The Fed fails to grasp that an interest rate is a price, the price of time. Attempting to manipulate that price is as destructive as any other government price control.

Daily Capitalist | The Fed Doesn’t Believe We Have Inflation
The CPI for September came out showing year over year price inflation at 3.9%, up from last month’s 3.8%. Prices increase 0.3% over August.


WSJ | Germany, France Delay Euro Rescue Plan
Leaders of Currency Zone's Two Largest Economies, at Odds Over Rescue Plans, Say No Pact Possible by Sunday Deadline.
NYT | Amid Protests, Greece Adopts New Austerity Plan
After a day of violent demonstrations against government cutbacks, Greek Socialist lawmakers on Thursday gave their final approval to a raft of tough new austerity measures, taking a critical step toward securing crucial foreign aid and averting a default.
WSJ | Top Lawmakers Push Debt Panel to Wrap Up
Senate and House leaders are becoming more directly involved with the supercommittee responsible for delivering a sizable deficit-reduction plan by Thanksgiving, amid growing concern the panel's members could be deadlocked.
Bloomberg | EU Said to Weigh Use of $1.3 Trillion as Franco-German Discord Mars Talks
European governments may unleash as much as 940 billion euros ($1.3 trillion) to fight the debt crisis, seeking to break a deadlock between Germany and France that is forcing leaders to hold two summits within four days.
WSJ | Senate Blocks Funds for State Workers
The Senate blocked a proposal Thursday to send $35 billion to states to retain or rehire teachers and other public sector workers, marking a second setback for President Barack Obama's jobs package.
Bloomberg | Japan to Sell $10.4 Billion More Debt to Pay for Earthquake Reconstruction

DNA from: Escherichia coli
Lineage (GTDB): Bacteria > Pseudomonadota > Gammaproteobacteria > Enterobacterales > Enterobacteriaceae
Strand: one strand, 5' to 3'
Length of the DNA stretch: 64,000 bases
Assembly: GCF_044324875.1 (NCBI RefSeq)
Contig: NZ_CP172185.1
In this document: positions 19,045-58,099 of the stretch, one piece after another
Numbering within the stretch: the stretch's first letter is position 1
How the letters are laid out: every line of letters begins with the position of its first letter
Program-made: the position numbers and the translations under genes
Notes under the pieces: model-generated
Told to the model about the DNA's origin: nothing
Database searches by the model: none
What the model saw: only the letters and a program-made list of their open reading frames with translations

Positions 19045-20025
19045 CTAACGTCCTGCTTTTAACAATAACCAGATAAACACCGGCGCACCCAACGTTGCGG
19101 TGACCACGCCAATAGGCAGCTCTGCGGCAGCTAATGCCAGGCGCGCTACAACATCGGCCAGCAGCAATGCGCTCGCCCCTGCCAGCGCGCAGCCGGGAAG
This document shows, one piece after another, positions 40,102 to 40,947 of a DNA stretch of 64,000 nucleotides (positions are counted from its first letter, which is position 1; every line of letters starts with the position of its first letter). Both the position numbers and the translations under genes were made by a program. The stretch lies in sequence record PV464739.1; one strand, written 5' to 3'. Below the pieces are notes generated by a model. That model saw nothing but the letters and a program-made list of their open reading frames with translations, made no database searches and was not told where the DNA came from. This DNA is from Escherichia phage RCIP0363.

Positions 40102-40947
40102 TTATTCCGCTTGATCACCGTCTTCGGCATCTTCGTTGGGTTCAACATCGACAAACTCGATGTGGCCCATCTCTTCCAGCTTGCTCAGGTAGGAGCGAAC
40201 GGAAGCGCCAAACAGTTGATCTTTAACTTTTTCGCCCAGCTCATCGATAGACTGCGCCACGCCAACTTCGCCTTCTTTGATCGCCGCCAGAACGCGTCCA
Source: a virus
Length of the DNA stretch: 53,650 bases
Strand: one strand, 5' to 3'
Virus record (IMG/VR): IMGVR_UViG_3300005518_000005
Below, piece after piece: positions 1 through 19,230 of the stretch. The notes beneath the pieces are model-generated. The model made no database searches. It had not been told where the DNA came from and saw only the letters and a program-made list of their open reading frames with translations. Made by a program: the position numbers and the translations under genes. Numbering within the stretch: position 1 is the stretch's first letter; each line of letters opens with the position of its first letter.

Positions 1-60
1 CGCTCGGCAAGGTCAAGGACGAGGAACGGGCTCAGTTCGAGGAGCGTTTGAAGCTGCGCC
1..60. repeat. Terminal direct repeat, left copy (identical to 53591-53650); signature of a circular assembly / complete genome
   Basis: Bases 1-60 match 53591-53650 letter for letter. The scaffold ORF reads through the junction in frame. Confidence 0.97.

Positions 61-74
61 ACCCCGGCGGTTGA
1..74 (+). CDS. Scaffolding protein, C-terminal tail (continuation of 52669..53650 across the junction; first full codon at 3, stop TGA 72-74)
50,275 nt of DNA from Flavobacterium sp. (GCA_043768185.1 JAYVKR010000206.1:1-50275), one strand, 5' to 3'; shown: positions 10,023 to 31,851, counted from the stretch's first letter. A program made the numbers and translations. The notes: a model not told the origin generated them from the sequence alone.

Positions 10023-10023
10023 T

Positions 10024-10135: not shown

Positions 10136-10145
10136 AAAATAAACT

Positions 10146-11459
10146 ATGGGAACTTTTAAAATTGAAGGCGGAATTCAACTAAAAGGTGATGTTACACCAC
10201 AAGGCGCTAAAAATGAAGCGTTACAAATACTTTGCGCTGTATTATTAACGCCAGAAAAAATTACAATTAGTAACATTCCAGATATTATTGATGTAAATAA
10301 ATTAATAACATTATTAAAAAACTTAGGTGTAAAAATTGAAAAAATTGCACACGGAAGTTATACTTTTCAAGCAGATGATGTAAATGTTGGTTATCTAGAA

Japan will sell about 800 billion yen ($10.4 billion) of additional government debt to the market this fiscal year to fund earthquake reconstruction and help companies cope with a strong yen, the Ministry of Finance said.
Politico | Senate leaves unfinished business
Capping the night was an 84-15 vote embracing a populist amendment denying farm subsidies to individuals with an average adjusted gross income of over $1 million. But left unfinished was the underlying $182 billion spending bill, which the leadership had vowed to pass this week and must now revisit in November when members return.

Econ Comments                                                                                                             
IBD | Krugman's Not-So-Excellent Adventure
Despite a nearly 20% increase in federal spending and $4 trillion in deficits, the country has suffered the worst recovery since the Great Depression.

American: Enterprise Blog | EU debt crisis could devastate U.S. economy, crush housing
Earlier this month, Treasury Secretary Timothy Geithner warned the Senate Banking Committee that a full-blown EU financial crisis would be bad for America. Really bad.
NRO: Michael Tanner | Math vs. Myth
There is no austerity, only more uncontrolled spending.